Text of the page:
Announcers: Phil Rizzuto

Maybe he wasn’t the sharpest tool in the shed, but he would be an integral part of the Yankee experience for about 70 years.

As a player, Phil Rizzuto was an amazing defensive shortstop who gradually got better with the stick. He won an MVP award in 1950 and played in 5 All-Star Games. Rizzuto’s final release from the team is an interesting story and one that affected his broadcasting career. Late in the 1956 season, the Yankees brought him in the office and asked him to look over the roster. They asked him to explain what player or players were expendable, and one after another, the Yankees explained why they needed to keep the player. In the end, Rizzuto realized that it was him that the Yankees found expendable. George Stirnweiss, the Yankees owner, however, warned Rizzuto. If Rizzuto took to the media to complain, it would affect his non-playing career. Rizzuto didn’t complain, and he would later say that following Stirnweiss’ advice was the best thing he ever did. He was no longer a Yankee on August 25, 1956.

So what about his broadcasting career? Well, it was long (40 years) and interesting. When the Yankees released him, the Cardinals and Dodgers offered him contracts, but Rizzuto wasn’t interested in embarassing himself any longer on the field. Late in 1956, Giants announcer Frankie Frisch (where do you think I got the idea for this series?) had a heart attack, and Rizzuto slipped in as a replacement and earned positive reviews. Rizzuto liked the job so much that he sent an audition tape to the Baltimore Orioles, but it was a Yankees sponsor that he impressed. Balatine Beer suggested his name. Yankees General Manager George Weiss felt pressured to bring in Rizzuto, so he fired Jim Woods. He would say that it was the first time he had to fire someone for no reason.

Over the next 40 years, Rizzuto would call radio and television games for the Yankees. However, he wasn’t necessarily known for his sparkling and lucid analysis of what was going on in the game. He is infamously known for creating the scoring of “WW” for “Wasn’t Watching”, and he was known as a “homer”, one who cheers for the home team (or the paying team) even though the person is supposed to be unbiased.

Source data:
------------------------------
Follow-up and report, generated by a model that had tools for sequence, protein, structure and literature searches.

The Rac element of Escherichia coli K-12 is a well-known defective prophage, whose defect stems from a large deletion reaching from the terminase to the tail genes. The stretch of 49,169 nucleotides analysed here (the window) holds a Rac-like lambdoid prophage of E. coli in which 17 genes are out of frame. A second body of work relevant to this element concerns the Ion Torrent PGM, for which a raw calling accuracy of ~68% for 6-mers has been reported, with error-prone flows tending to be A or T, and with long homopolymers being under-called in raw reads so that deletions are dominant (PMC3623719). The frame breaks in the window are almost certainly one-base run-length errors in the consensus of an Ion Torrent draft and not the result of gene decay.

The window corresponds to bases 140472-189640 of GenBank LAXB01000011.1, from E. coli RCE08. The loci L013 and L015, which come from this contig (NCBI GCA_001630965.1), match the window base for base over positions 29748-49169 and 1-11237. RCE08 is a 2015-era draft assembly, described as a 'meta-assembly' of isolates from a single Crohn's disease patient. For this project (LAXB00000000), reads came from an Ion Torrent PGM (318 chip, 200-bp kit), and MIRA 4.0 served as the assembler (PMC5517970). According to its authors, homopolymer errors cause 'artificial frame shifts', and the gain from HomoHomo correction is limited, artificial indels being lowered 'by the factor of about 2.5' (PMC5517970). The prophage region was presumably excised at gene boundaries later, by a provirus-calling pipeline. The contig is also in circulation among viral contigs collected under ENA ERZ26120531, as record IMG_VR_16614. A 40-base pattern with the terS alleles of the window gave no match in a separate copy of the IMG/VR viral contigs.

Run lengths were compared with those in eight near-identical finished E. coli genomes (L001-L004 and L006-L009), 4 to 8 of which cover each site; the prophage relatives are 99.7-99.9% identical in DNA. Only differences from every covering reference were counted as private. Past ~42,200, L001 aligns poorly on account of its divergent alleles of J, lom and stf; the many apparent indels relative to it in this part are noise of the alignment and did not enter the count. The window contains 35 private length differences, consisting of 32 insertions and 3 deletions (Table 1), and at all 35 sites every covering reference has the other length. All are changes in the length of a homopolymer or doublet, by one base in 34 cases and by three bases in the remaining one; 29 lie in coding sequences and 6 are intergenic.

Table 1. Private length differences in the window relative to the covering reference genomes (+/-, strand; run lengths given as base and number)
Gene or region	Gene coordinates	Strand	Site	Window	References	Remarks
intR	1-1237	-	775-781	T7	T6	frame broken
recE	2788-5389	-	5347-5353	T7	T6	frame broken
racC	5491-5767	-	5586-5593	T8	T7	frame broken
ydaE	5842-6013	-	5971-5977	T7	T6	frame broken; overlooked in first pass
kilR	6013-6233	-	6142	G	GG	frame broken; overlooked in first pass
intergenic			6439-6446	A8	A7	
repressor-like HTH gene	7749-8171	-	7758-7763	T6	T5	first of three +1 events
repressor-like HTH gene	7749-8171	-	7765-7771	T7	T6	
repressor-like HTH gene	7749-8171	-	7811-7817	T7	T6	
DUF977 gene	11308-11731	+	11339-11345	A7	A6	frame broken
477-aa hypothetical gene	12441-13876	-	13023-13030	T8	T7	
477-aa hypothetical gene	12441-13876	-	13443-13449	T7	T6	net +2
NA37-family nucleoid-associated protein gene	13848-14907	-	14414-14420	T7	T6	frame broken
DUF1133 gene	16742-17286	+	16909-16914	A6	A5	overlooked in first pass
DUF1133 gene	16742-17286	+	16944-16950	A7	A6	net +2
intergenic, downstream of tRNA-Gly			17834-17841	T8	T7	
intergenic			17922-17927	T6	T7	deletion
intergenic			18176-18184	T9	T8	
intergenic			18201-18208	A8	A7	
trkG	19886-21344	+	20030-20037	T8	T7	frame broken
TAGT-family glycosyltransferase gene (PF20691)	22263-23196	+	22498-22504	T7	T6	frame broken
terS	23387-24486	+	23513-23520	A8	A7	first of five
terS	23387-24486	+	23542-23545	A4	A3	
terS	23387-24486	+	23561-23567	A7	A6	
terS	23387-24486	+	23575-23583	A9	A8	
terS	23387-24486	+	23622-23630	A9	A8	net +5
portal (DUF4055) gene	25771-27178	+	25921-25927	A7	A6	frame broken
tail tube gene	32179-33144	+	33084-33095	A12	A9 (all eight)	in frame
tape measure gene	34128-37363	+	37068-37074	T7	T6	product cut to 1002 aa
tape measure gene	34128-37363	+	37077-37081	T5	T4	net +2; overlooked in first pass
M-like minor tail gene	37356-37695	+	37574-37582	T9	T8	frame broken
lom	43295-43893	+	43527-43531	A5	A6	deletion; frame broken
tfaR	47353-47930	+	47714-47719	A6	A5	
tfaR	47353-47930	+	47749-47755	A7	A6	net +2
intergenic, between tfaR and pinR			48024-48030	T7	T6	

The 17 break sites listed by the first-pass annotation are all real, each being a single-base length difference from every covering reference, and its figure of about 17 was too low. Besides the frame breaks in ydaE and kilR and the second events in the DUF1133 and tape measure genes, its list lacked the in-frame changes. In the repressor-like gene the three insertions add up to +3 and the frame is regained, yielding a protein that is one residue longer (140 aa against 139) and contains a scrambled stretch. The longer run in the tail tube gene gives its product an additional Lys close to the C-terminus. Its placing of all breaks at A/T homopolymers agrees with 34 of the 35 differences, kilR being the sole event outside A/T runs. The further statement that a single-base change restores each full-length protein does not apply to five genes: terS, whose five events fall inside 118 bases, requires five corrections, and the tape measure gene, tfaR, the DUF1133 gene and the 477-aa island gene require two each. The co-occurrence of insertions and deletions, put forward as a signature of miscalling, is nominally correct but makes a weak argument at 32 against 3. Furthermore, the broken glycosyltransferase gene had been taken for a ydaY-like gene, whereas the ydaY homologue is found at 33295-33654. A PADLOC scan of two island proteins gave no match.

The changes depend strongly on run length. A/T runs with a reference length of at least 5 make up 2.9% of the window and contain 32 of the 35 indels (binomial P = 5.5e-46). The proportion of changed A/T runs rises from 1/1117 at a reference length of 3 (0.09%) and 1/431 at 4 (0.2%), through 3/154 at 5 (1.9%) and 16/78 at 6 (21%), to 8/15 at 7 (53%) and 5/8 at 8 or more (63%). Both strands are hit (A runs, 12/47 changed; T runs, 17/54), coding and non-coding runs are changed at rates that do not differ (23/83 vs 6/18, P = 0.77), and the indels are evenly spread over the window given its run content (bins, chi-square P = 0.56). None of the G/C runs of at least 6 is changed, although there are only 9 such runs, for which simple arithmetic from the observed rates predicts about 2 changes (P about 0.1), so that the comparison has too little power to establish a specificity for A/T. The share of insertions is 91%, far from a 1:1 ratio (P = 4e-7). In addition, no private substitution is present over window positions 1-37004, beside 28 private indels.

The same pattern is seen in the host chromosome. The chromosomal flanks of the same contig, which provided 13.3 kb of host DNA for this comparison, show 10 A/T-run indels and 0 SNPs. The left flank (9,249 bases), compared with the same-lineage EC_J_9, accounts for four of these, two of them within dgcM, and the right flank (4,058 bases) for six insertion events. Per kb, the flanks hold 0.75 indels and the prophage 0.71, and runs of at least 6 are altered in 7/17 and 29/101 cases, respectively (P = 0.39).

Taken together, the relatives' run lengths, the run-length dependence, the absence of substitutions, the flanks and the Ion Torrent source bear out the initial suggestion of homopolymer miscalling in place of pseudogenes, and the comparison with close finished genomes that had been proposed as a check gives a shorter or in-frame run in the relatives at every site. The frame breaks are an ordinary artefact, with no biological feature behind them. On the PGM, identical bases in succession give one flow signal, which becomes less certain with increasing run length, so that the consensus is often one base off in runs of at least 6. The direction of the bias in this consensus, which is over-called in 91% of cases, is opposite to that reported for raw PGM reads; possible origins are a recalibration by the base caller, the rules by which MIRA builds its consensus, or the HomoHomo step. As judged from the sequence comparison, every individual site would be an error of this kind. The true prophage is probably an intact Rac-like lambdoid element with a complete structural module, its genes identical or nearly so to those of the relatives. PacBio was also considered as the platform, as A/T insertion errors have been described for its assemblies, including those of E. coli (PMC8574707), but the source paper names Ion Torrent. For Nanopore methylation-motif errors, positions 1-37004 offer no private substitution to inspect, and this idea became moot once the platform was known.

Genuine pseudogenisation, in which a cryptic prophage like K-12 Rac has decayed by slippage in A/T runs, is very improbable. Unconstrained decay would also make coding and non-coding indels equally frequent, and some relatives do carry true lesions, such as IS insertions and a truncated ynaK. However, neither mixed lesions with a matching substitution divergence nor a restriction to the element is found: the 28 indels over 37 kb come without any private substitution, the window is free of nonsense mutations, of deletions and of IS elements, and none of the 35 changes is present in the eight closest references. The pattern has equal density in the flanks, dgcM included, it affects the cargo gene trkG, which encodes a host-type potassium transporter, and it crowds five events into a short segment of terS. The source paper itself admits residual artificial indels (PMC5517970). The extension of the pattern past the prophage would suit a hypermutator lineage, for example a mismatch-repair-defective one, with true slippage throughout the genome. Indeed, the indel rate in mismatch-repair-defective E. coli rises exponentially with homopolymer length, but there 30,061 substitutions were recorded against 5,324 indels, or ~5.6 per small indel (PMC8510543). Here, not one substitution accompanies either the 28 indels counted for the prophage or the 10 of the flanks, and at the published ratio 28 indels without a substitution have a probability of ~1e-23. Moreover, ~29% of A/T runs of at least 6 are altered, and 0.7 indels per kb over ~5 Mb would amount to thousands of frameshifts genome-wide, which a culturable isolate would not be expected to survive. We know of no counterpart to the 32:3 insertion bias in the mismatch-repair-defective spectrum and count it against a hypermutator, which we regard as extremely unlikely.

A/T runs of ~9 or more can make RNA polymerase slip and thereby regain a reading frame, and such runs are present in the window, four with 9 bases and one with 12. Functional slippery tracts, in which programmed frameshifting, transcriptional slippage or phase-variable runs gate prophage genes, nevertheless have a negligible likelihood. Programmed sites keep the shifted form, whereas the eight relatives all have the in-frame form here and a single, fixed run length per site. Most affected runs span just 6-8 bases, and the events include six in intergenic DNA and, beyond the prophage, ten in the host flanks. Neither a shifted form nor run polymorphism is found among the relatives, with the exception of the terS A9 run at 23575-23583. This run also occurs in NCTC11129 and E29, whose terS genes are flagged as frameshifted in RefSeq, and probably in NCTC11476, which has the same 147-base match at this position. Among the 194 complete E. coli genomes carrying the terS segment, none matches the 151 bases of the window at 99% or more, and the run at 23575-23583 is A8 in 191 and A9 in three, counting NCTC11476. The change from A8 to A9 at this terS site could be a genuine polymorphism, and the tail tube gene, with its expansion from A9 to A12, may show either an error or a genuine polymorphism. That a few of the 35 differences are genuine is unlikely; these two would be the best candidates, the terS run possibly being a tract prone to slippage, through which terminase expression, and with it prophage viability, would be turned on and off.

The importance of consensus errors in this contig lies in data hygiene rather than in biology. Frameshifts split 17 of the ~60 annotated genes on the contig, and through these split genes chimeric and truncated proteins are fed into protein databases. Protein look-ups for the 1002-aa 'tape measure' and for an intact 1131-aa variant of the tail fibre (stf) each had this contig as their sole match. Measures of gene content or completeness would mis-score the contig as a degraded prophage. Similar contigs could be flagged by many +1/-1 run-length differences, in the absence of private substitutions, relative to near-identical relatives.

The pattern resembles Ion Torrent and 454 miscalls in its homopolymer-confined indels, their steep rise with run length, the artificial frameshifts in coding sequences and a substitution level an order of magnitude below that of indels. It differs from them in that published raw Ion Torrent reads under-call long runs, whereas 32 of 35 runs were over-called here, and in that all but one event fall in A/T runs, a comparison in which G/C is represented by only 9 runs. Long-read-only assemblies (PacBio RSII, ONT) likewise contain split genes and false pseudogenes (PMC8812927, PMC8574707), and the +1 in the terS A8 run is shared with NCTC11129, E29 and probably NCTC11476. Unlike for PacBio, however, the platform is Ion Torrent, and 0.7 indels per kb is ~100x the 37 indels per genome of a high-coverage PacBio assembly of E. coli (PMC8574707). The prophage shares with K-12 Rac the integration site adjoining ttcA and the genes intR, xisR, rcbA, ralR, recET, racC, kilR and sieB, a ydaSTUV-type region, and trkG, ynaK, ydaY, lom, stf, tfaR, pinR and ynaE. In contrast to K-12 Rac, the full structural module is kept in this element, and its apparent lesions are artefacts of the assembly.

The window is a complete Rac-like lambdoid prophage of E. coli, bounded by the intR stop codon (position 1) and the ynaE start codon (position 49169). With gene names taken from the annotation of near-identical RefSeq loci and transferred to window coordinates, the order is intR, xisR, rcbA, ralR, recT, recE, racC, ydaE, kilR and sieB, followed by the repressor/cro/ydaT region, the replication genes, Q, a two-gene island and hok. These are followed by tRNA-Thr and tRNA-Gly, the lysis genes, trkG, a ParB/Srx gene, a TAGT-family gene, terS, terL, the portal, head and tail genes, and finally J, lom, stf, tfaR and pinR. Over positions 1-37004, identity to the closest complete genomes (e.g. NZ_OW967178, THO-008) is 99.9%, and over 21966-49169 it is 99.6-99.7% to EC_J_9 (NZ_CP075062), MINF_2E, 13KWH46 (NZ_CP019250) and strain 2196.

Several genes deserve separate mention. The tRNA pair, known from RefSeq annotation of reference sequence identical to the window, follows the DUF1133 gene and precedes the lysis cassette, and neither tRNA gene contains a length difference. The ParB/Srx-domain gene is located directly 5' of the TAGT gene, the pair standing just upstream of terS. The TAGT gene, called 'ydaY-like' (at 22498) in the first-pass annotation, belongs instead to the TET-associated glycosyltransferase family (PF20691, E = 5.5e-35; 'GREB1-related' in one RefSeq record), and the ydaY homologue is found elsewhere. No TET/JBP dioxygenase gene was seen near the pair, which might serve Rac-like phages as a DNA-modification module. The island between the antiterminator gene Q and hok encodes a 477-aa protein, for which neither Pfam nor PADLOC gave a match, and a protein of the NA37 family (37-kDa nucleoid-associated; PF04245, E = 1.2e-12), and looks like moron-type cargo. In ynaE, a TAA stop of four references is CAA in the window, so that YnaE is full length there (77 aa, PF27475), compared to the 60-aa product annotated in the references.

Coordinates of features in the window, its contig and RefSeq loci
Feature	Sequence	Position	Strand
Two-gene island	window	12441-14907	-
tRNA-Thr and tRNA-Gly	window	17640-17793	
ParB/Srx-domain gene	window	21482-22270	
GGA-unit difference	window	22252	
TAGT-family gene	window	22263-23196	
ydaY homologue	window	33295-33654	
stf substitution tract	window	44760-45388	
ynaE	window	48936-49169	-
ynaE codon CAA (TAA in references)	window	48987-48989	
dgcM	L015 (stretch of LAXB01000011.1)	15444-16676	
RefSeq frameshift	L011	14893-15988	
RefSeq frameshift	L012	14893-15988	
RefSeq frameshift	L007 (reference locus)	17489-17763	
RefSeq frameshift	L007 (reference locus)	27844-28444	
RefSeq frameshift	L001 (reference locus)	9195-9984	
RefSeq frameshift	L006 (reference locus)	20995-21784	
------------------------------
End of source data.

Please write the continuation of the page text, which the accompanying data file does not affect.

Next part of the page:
Still, Rizzuto was around for some famous moments and conversations. He called Roger Maris’ 61st home run, George Brett’s “Pine Tar” home run, and Dave Righetti’s no-hitter. Known for his malapropisms and exclamations, Rizzuto had an … interesting … personality. He often said “Holy Cow!” when something amazing happened, which evidently happened a lot considering it was his catchphrase, and he called people “huckleberry” when they disagreed with him or did something he didn’t agree with. Some good quotes:

“Uh-oh, deep to left-center, nobody’s gonna get that one! Holy cow, somebody got it!”
“Bouncer to third, they’ll never get him! No, why don’t I just shut up!”
“All right! Stay fair! No, it won’t stay fair. Good thing it didn’t stay fair, or I think he would’ve caught it!”
“They’ve got so many Latin players we’re going to have to get a Latin instructor up here.”

He even famously introduced himself as his partner Bill White at the beginning of a few broadcasts. Rizzuto generally tried to keep his broadcasts up-beat, but it didn’t end that way.

When Mickey Mantle died in August of 1995, Rizzuto wanted to attend his funeral, but the Yankees refused to allow him to do such. In the middle of the broadcast, Rizzuto left, unable to go on. Soon after, he retired. The Yankees were able to bring him back for another season, and he called Derek Jeter’s first home run in 1996.

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